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Insure your SME with confidence

Article provided by King Price Insurance

Although you might not often think about financial sector regulation, there are hundreds of laws in force to protect you and your small business from upheaval and unscrupulous conduct. The Insurance Act No. 18 of 2017 sets out the licensing requirements, operating structures and prudential standards for insurers, insurance groups, micro-insurers and reinsurers, and compliance ensures that insurers are adequately capitalised to be able to pay all claims, and that the sector is sustainable over the long term.

Basically, it gives you, as a business owner, peace of mind that the insurer you’ve trusted with your business’ risks won’t go ‘belly up’.

The Policyholder Protection Rules (PPR) – while being very consumer-friendly – also impact on your business’ insurance advisor or broker. PPR demands that insurers ensure that brokers:

  • Are ‘fit and proper’ – a regulated level of proficiency.
  • Are trained and licensed to sell their products.
  • Meet the Financial Advisory and Intermediary Services product knowledge competency requirements.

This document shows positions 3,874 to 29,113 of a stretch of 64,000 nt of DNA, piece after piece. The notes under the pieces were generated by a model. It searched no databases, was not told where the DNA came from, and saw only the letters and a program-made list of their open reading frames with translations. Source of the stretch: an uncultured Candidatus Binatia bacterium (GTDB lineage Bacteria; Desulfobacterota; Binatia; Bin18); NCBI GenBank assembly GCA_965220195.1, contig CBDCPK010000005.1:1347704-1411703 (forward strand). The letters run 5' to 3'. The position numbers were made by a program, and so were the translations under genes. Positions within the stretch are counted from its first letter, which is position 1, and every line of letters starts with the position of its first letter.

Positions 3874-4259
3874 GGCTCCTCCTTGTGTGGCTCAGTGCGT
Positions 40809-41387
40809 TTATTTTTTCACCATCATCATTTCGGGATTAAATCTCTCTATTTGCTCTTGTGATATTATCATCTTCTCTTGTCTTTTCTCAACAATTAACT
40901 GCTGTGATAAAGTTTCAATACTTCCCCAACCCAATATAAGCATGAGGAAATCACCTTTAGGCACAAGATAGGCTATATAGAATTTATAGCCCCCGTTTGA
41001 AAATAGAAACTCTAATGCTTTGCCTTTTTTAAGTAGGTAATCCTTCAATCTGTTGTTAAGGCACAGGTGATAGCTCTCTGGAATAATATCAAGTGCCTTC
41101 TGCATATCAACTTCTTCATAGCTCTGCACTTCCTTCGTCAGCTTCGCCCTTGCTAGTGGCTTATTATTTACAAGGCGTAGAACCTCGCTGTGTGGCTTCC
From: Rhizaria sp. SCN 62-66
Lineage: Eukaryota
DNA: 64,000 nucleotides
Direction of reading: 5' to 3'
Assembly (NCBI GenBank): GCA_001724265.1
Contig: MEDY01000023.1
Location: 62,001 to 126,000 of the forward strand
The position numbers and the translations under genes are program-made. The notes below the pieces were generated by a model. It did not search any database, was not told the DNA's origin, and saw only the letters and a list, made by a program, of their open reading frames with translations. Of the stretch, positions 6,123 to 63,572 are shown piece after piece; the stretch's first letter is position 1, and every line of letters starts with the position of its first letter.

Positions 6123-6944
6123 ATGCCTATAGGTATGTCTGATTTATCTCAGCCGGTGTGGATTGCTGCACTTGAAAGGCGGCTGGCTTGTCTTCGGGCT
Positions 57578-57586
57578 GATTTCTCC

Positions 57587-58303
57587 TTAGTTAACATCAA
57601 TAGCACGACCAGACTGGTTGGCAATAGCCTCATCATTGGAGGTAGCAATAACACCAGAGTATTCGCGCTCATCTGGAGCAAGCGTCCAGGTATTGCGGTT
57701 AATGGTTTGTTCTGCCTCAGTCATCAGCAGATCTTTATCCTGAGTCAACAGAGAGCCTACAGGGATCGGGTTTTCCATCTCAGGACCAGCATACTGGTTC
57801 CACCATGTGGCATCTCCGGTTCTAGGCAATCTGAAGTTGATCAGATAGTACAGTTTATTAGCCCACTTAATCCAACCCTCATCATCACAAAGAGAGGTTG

• Have detailed intermediary agreements in place.

There are also clear rules on the flow of insurance premium and commission between brokers, insurers and policyholders, with the aim of enhancing industry-wide professionalism and ensuring that customers are treated fairly.

Other pro-client practices resulting from the implementation of PPR include a directive to write insurance policy documents, and all other comms, in easy-to-understand English so that clients know exactly what they’re signing up for – there should be no fine print and no hiding behind confusing legalese. You can find a great example of a simple, user-friendly policy document by clicking here.

In addition, Treating Customers Fairly (TCF), is an outcomes-based regulatory and supervisory approach designed to ensure that financial institutions deliver specific, clearly set-out fairness outcomes. Regulated entities are expected to demonstrate that they deliver the following six TCF outcomes throughout their product life cycle, from product design and promotion; through advice and servicing; to complaints and claims handling:

  • Customers can be confident they are dealing with firms where TCF is central to the corporate culture.
  • Products and services marketed and sold in the retail market are designed to meet the needs of identified customer groups and are targeted accordingly.
  • Customers are provided with clear information and kept appropriately informed before, during and after point of sale.
  • Where advice is given, it is suitable and takes account of customer circumstance.
  • Products perform as firms have led customers to expect, and service is of an acceptable standard and as they have been led to expect.
  • Customers do not face unreasonable post-sale barriers imposed by firms to change product, switch providers, submit a claim or make a complaint.

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